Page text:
How to Recover Storage Claimed by “Other” on the iPhone
It is a known common issue when you plug your iPhone into iTunes and notice an unusually large chunk of space occupied by “Other” and there is just no easy way to get get around reclaiming it. Some users on the Internet have even reported to have up to 27GB taken away by this beast. This is definitely one issue which Apple needs to address, or at least refrain from using such a vague label – what the hell is “Other”?
What Is It?
The stuff that is labeled as “Other” is obviously something that does not belong to any of the following categories: Audio, Video, Photos, Apps, and Books. That being said, “Other” mostly consists of system files and any application data contained by the native apps. This can include your iOS system files, browser cache, email cache, downloaded files, Google Maps cache, notes, reminders, etc. Note the emphasis on native apps, which means data such as game saves or downloaded maps on your GPS app do not fall into the “Other” category.
The most common solution to reclaiming this space is by doing a full system restore, meaning you need to restore your iPhone’s iOS without restoring from a previous backup. This is indeed the safest solution that is guaranteed to work if all else fails, but the price is to lose all your saved data on your phone that cannot be recovered through syncing with iTunes. I have compiled a list of things you can do to reclaim this space before you really need to go down the road of doing a full restore.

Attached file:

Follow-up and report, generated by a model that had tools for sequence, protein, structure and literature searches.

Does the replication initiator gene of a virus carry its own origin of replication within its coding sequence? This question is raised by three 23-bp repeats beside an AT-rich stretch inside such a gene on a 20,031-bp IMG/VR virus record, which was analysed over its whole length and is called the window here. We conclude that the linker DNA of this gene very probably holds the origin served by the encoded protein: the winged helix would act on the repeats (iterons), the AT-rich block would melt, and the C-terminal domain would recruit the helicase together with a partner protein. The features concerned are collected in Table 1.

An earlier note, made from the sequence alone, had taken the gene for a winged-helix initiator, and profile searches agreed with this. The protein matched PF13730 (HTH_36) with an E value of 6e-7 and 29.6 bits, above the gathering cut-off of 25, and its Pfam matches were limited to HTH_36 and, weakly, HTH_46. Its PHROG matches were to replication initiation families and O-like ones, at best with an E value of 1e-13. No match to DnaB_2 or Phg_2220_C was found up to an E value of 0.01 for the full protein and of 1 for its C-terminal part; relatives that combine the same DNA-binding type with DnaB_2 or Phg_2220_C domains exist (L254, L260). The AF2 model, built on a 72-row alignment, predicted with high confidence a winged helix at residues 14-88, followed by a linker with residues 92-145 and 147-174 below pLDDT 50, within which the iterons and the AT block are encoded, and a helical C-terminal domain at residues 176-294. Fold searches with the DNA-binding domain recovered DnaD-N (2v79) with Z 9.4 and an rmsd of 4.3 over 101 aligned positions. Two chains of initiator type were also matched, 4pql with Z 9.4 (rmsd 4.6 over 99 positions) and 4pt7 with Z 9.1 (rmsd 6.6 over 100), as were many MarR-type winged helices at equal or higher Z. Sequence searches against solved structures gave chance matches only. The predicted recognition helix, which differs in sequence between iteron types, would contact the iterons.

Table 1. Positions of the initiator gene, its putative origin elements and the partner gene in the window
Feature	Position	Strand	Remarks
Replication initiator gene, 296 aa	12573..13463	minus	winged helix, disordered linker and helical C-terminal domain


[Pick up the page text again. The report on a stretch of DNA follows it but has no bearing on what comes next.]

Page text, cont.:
How to Reclaim “Other” Storage
- Delete your browser cache (i.e. history, cookies, and data): This can be done in Settings -> Safari. If you have never done it before, chances are your space taken up by “Other” is due to the piled up cache stored by your browser ever since the phone was activated.
- Delete your email account and re-add: There is no easy way to clear your email cache other than deleting your account. In terms of accessing your iPhone’s local files directly through means like SSH, I have yet to find where these caches are stored. This should clear any of the recent attachments you have downloaded (like PDFs and images).
- Go to /var/mobile/Media/ApplicationArchives using SSH (requires jailbroken iPhone) or DiskAid and delete everything. This folder contains partially downloaded apps which never completed nor removed and were probably interrupted at some point in the middle of downloading.
- If the above steps fail, do a full system restore :(.
I will continue to to update the above list if I find anything new. As an end note, this post is written in reference to an iPhone 4S running iOS 5.1.